For nearly two years the Republican chairman of the House Transportation and Infrastructure Committee, Bill Shuster, has been trying to get his plan for the ATC Corp to a vote under his optimistically named Aviation Innovation, Reform and Reauthorization Act. He has the support of all the major U.S. airlines except Delta, the International Air Transport Association (IATA), and—crucially—the National Air Traffic Controllers’ Association. The union says that as planned the ATC Corp would protect its pay, benefits, and collective bargaining rights.
The plan is opposed by the Regional Airlines Association and the National Business Aviation Association—both on the questionable grounds that they think that under the ATC Corp they would end up paying higher fees. (It has also been estimated that there are 6,000 business jets in the U.S. still requiring NextGen cockpit upgrades that they will need to have—or be grounded—by January 2020, according to the current timetable for the system to become mandatory.)
The model most often cited for ATC Corp is Nav Canada. American Airlines chief Parker has said that, for an airline, the difference between the U.S. and Canadian systems is “night and day”—while Canada enjoyed far greater efficiency, he said, the trend here was the reverse, the system is so overloaded that it is actually slowing down rather than speeding up the frequency of flights. (Next Gen was supposed to reduce delays by 35 percent by 2018.)
However, this comparison is not as simple as the airlines would make it seem. Canada’s main airports are strung out in cities that more or less run parallel to the border with the U.S. and most of its airspace is empty. Canada has 49 air traffic control centers to America’s 317 and Canada handles one-quarter the volume of flights.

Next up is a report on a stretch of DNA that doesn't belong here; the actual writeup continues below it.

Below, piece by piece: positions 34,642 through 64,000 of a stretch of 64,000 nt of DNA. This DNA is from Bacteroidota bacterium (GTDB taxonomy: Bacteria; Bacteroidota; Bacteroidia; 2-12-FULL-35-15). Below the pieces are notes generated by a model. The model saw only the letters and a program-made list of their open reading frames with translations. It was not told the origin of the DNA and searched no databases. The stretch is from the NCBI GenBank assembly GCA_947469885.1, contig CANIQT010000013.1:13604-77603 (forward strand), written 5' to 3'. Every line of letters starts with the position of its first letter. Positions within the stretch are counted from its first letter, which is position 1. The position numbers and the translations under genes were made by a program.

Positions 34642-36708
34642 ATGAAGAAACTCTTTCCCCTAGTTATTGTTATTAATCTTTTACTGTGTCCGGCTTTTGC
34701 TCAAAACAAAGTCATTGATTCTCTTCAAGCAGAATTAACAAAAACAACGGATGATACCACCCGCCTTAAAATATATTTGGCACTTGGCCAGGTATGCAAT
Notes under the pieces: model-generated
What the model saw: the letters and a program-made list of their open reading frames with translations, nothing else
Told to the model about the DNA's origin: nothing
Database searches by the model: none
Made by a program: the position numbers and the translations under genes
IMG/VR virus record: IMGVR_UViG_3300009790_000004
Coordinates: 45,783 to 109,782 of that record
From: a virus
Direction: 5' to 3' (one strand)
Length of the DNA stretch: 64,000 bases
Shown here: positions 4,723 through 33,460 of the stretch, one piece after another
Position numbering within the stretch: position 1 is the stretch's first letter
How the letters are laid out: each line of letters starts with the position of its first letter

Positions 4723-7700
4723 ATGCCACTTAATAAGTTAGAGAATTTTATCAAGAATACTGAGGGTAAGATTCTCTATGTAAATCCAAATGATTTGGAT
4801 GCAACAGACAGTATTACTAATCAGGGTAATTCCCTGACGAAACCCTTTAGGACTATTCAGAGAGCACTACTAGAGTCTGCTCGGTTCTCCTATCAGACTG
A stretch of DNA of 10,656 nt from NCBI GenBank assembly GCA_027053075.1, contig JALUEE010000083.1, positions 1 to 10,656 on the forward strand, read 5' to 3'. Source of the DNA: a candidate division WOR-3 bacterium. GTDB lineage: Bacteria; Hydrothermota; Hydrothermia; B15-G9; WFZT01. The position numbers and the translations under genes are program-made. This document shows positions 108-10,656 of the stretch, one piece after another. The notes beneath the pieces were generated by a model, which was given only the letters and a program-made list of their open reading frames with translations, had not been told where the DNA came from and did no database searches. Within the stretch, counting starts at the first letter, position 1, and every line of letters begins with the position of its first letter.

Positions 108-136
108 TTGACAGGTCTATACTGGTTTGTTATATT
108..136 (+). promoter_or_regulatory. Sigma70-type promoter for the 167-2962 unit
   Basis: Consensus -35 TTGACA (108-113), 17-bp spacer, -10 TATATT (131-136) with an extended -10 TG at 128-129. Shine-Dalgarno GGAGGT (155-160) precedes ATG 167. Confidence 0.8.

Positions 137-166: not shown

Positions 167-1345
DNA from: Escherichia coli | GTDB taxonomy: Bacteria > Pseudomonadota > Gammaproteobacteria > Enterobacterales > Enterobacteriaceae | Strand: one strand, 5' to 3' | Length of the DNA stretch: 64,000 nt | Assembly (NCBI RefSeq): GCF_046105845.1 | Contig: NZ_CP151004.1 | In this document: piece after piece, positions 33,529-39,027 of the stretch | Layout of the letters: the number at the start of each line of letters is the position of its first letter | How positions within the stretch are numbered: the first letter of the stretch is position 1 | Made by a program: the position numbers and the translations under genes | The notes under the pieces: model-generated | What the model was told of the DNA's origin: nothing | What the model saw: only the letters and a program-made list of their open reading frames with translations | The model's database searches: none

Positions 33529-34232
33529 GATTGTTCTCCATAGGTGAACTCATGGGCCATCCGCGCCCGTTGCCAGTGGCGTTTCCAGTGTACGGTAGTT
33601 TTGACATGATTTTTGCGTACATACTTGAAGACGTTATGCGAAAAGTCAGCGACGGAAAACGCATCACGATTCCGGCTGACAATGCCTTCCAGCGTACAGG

Britain, France, and Germany are better examples. They handle a mix of domestic and international flights at such a volume that many airports are near or at maximum capacity. Privatization has led to a more rapid adoption of new technology and increased efficiency without jeopardizing safety.
According to Department of Transportation figures, the air traffic control system is not itself the main cause of delayed flights in the U.S. The airlines are by far the greatest culprits. The reason why Delta stands apart in its opposition to privatization is based on its belief that its competitors manage traffic far less efficiently than it does and that the FAA system is not broken and, therefore, doesn’t need fixing.
That self-serving view should be balanced by Delta’s record. Last year its antiquated computer system crashed, grounding hundreds of flights. For passengers, Delta’s Atlanta hub is often an overburdened nightmare, particularly in bad weather, where connecting flights are frequently missed.